West coast and Pyongyang area (5th Transport Division) - HQ: Taechon
  • Taechon - ?? Air Regiment {Transport} (Y-5/An-2)
  • Kwaksan - ?? Air Regiment {Transport} (Y-5/An-2)
  • Kangdong - ?? Air Regiment {Bomber} (CJ-6/BT-6)
  • Sonchon - ?? Air Regiment {Helicopter} (Mi-2)
  • Pukchang East - 65th Air Regiment {Helicopter} (Mi-8T, Mi-26), 64th Air Regiment {Helicopter} (MD-500)
  • Pyongyang Sunan Intl - Special Service Air Transport Wing (KPAAF-CAAK) (Air Koryo) (Tu-134B/Tu-154B-2/Il-62M/Il-76MD/Il-18/An-24/An-148)
  • Mirim Airfield - ?? VIP Unit (Mi-17) This base serves as a light transport base and closed sometime in the 1990s, now used as a KPA training facility.
DMZ area (3rd Air Combat Division) - HQ: Hwangju
  • Chunghwa - Headquarters, Air Defense and Combat Command
  • Taetan - 4th Air Regiment {Fighter Bomber} (J-5/MiG-17F, MiG-21PFM, Mi-2)
  • Nuchon-ni - 32nd Air Regiment {Fighter Bomber} (J-5/MiG-17, MiG-21PFM, Mi-2)
  • Kwail - 33rd Air Regiment {Fighter Bomber} (J-5/MiG-17F), 11th Air Regiment {Fighter Bomber} (J-5/MiG-17F)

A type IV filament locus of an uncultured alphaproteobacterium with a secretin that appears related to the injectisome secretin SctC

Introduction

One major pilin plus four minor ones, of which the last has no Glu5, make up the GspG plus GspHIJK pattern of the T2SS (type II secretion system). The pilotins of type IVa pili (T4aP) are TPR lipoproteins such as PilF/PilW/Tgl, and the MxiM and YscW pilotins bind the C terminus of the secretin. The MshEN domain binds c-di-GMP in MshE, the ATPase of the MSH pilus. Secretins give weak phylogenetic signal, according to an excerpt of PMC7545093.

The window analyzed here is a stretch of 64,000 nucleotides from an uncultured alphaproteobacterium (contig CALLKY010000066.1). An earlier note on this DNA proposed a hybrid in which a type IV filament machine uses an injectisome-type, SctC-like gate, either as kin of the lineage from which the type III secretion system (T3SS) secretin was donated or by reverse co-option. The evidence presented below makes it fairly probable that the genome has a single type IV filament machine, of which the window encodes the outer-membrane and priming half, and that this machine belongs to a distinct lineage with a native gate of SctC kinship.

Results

• Hwangju - 50th Air Regiment {Fighter} (MiG-21PFM)
  • Koksan - 86th Air Regiment {Attack} (Q-5A)
  • Ayang-ni - 63rd Air Regiment {Attack Helicopter} (Mi-24D)
East Coast area (2nd Air Combat Division) - HQ: Toksan
  • Toksan - 56th Air Regiment {Fighter}(MiG-21PF/J-7/F-7)
  • Chanjin-Up - 25th Air Regiment {Bomber} (Il-28/H-5); ??th Air Regiment {Fighter} (MiG-21PFM)
  • Wonsan - 46th Air Regiment {Fighter}(MiG-21PFM,F-5), 66th Air Regiment {Helicopter} (Mi-14PL)
  • Kuum Ni - 71st Air Regiment {Fighter}(MiG-21PFM)
  • Hwangsuwon - 72nd Air Regiment {Fighter}(MiG-21PFM)
East Coast area (6th Transport Division) - HQ: Sondok
  • Sondok - ?? Air Regiment {Transport} (Y-5/An-2)
  • Yonpo - ?? Air Regiment {Transport} (Y-5/An-2)
  • Manpo - ?? Air Regiment {Transport} (Y-5/An-2)
  • Kuktong - ?? Air Regiment {Transport} (Y-5/An-2)
  • Kowon - Air Transport Wing (6 TD) (Z-5/Mi-4/Mi-8/Mi-17)
  • Pakhon - Air Transport Wing (6 TD) (Z-5/Mi-4/Mi-8/Mi-17/Mi-2)
Far Northeast area (8th Training Division) - HQ: Orang


Current aircraft[edit]

A North Korean Shenyang J-6
A MiG-29 similar to one used by North Korea